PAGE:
What the Decline Looks Like


What the Decline Looks Like

In the aftermath of The Car Key Trauma, things are not the same as they were before. She still has anger and resentment toward me, and her overall mood is low. She doesn't smile at me when I go downstairs and greet her in the mornings. But when I give her a hug and tell her I love her, she still responds in a positive way. She's talking to me again, which is positive. But I miss the warmth and humor of our pre-keys interactions. I've been kicking myself for going about it the way I did, directly instead of through subterfuge. I worry that our relationship has lost something we won't recover.

I wanted to describe the decline that I've noticed over the past couple of months. Maybe? I'm not sure about the time frame. These are some of the changes:

  • She has forgotten that some family members have died. And she keeps forgetting after I tell her.

  • She is losing the order of events over the past 10 to 20 years, not remembering how long she has lived in this city or this house, thinking that she used to drive from my childhood home, 1.5 hours away, to see her doctor here.

  • Her short-term memory at times seems non-existent -- repeated questions are much more frequent than they used to be.

  • She often goes a week without changing her outer clothes, though she still does change her underwear. If we're going out, sometimes I lay out a new outfit for her on the bed, and she puts it on automatically, never realizing I did it.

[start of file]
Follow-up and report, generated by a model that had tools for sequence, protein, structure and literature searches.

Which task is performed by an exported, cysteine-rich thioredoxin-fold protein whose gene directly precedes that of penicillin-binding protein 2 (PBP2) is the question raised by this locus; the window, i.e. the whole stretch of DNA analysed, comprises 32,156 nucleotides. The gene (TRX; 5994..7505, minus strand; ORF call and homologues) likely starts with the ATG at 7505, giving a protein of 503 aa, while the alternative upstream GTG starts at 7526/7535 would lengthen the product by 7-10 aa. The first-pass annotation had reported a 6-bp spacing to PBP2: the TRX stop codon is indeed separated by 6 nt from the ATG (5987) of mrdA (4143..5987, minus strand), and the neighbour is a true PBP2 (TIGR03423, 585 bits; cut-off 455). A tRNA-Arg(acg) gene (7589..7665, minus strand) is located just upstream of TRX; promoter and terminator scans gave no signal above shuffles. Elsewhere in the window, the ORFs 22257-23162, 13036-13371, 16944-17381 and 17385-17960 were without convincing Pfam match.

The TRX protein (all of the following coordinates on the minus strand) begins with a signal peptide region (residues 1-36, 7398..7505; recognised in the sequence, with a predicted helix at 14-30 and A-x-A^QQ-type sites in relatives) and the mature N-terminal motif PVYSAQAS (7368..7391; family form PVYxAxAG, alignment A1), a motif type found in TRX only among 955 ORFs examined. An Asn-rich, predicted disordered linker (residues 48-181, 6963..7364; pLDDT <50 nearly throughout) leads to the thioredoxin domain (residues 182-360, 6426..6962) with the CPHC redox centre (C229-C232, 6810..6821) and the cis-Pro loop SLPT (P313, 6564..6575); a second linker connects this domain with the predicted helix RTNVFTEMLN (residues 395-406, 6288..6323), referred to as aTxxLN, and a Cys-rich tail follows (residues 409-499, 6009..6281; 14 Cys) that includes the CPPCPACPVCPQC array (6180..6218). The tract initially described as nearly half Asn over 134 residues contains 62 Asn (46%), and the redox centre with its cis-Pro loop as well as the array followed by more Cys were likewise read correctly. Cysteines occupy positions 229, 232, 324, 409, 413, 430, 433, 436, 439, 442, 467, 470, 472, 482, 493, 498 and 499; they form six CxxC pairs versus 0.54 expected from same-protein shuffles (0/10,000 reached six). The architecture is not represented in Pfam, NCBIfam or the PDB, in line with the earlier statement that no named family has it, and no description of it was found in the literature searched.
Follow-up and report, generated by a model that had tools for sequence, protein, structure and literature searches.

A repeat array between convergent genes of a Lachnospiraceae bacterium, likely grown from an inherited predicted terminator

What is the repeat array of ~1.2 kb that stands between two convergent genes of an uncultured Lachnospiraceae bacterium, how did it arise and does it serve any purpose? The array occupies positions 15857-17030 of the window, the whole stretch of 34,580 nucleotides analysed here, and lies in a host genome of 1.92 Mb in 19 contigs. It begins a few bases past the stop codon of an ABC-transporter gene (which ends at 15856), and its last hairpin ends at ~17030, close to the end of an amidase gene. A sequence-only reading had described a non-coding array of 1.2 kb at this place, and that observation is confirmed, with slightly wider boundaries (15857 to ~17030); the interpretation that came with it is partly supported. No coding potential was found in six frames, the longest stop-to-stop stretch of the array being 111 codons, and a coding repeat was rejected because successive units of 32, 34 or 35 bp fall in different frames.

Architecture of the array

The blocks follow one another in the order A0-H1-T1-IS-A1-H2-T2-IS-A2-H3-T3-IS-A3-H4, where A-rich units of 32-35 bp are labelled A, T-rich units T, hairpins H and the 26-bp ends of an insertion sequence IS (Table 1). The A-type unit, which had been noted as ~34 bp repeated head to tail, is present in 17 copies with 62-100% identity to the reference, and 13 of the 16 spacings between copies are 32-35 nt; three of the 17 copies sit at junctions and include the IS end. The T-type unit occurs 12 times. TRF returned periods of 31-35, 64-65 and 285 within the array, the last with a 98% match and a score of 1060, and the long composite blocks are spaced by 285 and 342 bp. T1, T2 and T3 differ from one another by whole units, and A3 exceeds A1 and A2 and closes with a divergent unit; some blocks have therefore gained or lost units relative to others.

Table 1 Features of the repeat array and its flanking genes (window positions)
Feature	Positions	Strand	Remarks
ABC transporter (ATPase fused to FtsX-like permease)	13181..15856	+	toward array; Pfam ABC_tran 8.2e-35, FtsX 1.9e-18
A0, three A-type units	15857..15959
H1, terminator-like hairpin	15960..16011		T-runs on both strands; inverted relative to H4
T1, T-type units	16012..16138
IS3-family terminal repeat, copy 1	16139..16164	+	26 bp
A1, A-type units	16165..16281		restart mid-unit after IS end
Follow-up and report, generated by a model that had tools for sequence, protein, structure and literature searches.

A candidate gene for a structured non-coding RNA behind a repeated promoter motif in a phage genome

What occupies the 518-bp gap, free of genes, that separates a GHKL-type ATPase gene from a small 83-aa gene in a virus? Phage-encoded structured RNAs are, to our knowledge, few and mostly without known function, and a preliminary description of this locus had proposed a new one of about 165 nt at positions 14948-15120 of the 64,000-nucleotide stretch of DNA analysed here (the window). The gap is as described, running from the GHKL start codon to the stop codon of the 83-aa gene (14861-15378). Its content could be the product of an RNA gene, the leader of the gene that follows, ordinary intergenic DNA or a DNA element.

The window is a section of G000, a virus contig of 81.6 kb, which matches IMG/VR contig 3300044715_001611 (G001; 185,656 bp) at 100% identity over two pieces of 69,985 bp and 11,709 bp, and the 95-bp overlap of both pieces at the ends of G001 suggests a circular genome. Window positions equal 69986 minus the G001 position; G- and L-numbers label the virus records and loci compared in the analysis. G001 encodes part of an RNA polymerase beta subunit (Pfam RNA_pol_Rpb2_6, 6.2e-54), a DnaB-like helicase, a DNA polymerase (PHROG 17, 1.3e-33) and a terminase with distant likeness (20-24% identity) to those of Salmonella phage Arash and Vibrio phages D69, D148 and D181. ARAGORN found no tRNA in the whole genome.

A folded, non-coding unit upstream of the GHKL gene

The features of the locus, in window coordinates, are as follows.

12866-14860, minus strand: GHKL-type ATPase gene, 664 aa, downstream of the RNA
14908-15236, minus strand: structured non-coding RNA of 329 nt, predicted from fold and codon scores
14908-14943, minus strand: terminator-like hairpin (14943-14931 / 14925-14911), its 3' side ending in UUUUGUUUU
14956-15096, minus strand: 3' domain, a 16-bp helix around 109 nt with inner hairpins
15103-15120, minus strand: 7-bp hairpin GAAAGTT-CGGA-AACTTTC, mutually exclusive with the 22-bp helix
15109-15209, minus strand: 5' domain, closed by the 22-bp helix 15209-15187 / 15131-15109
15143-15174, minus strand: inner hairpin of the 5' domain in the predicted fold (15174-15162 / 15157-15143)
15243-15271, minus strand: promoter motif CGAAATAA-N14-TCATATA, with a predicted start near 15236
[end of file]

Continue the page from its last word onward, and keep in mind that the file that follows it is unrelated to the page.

I wonder if this is a new plateau, if we can stay her awhile before it gets worse. My son has a school trip coming up and a week-long camp this summer, and I dread the thought of managing without him.



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You just described my mom! Personally, this stage has been going on for over a year.I find that any time she is physically sick, her mental powers take a dip. She thinks she can still read, but it's painful listening to her trying to share what she's reading. That's a stark contrast to who she used to be. But I ma still her sweet boy/girl (she's never been sure) and the cats are her pretty puppies. Go figure.


Im so glad you've been sharing your caregiving journey. It helps you and others as you find your way through this difficult time. You are strong and courageous! Be with your mom in the moment, for in that moment, she connects with you, somewhere deep inside.


I hope you will find it helps to chronicle the path you're on with your mum. Somehow for me, keeping track of the decline, even tho it was sad, still gave me a sense of control where there was almost none. I couldn't control how my mom would behave and I couldn't control the progression of the disease, but I could control how I kept track of it, and it was important. Thank you for sharing your observations, thoughts and feelings here.